Coverage.com, LLC is a licensed insurance producer (NPN: 19966249). Coverage.com services are only available in states where it is licensed. Coverage.com may not offer insurance coverage in all states or scenarios. All insurance products are governed by the terms in the applicable insurance policy, and all related decisions (such as approval for coverage, premiums, commissions and fees) and policy obligations are the sole responsibility of the underwriting insurer. The information on this site does not modify any insurance policy terms in any way.
Car insurance for 30-year-olds
The Bankrate promise
At Bankrate, we strive to help you make smarter financial decisions. To help readers understand how insurance affects their finances, we have licensed insurance professionals on staff who have spent a combined 47 years in the auto, home and life insurance industries. While we adhere to strict , this post may contain references to products from our partners. Here's an explanation of . Our content is backed by Coverage.com, LLC, a licensed entity (NPN: 19966249). For more information, please see our .
Your 30s are an exciting time. You might have more financial security than ever before, be more secure in who you are and have a clearer vision for your future. Protecting your financial health with appropriate car insurance might not be the highest thing on your priority list, but it is an important step to take. Bankrate’s insurance editorial team has researched dozens of insurance providers to help you find the best car insurance company for 30 year olds.
How much is car insurance for a 30-year-old?
In all states except Hawaii and Massachusetts, age is one of the biggest factors that impacts how much you pay for car insurance as a 30-year-old driver. Another factor is the types of insurance coverage that you choose. If you choose the minimum coverage policy required by your state, the average cost for 30-year-old insurance is $647 per year. If you opt for a full coverage policy, the average cost for a 30-year-old policy is $2,125 per year.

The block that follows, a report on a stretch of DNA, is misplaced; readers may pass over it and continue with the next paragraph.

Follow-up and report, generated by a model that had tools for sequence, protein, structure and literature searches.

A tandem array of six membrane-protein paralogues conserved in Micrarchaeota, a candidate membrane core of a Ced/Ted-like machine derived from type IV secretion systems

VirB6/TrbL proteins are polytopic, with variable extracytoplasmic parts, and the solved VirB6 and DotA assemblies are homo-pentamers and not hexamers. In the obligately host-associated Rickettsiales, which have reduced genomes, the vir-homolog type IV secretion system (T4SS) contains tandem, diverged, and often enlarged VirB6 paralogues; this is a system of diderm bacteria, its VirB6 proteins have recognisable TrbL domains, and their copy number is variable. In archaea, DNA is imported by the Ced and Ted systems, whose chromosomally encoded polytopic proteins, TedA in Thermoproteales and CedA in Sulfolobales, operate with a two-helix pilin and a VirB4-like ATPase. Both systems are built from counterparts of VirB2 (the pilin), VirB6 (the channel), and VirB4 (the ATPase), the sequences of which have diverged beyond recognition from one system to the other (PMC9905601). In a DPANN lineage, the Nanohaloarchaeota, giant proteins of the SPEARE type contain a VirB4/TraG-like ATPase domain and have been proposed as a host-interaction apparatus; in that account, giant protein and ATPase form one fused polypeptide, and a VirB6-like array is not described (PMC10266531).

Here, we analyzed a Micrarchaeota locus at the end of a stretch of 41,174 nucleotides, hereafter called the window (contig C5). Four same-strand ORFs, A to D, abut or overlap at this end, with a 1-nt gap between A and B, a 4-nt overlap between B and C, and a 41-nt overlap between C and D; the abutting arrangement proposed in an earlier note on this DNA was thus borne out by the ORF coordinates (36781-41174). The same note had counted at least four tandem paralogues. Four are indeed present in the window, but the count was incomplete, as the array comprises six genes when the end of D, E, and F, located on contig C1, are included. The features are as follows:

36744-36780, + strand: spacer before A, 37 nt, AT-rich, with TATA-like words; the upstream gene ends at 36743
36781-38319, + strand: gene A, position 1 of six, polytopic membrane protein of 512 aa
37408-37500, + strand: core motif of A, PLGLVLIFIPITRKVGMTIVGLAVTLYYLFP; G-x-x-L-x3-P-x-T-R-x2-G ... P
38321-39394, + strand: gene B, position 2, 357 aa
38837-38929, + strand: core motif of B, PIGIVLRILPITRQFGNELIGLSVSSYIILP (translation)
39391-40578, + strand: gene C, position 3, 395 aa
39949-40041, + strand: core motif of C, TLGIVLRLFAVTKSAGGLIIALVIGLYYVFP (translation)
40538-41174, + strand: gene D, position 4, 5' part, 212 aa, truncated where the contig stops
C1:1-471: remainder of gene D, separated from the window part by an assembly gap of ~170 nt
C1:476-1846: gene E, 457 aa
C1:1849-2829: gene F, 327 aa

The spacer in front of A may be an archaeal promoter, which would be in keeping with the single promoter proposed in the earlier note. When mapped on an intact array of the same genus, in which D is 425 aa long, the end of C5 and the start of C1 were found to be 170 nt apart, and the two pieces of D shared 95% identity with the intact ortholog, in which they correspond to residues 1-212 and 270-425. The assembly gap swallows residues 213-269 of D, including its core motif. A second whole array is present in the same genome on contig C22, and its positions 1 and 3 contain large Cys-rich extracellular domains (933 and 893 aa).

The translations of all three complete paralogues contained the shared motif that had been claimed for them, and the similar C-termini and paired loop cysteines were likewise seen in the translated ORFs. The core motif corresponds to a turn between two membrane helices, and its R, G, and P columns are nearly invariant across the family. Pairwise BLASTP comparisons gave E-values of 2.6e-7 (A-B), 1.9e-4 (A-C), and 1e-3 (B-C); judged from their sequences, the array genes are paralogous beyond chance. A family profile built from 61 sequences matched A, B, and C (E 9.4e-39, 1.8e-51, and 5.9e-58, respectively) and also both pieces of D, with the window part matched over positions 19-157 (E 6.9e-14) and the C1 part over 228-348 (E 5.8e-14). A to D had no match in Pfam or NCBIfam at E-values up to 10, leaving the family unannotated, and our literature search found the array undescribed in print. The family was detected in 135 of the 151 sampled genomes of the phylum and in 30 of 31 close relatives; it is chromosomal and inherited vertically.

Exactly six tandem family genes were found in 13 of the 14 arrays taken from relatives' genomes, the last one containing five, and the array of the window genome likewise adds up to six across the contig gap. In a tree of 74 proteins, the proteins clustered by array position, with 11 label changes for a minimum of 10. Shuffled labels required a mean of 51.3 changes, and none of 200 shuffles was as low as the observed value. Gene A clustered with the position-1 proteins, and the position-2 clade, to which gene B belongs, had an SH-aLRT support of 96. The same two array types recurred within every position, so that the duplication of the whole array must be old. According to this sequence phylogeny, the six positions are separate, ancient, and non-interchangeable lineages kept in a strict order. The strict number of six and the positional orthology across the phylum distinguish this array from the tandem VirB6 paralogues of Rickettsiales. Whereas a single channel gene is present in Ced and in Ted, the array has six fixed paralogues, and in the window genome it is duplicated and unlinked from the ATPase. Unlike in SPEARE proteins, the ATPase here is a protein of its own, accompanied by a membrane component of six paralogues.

Average car insurance costs for 30-year-old men and women
Gender can also play a role in how much you pay for car insurance as a 30-year-old, although the difference is small. In fact, some states do not allow gender to be used as a rating factor.
|Average annual full coverage premium for 30-year-old man||Average annual full coverage premium for 30-year-old woman|
Average car insurance cost for 30-year-olds by state
In addition to age and gender, perhaps the biggest factor at play when it comes to your car insurance premiums is your state. Your premium will vary based on your state’s laws, the likelihood of accidents in your area and the cost of auto parts and labor where you live.
|State||Average annual full coverage premium for 30-year-old|
*Hawaii and Massachusetts do not permit the use of age as a rating factor
Best car insurance companies for 30-year-olds
The car insurance company you choose can also have a large impact on your premium. Each company has its own system of rating policies, so the price for the same coverage can vary between providers. To determine what companies to feature, we analyzed average premiums, available coverage types and discounts, third-party rankings from the 2022 J.D. Power U.S. Auto Claims Satisfaction Study and policy features for the largest companies in the country by market share. We consolidated these findings into a Bankrate Score on a scale from 0.0 to 5.0. The higher the Score, the higher each company ranked in the various ranking categories.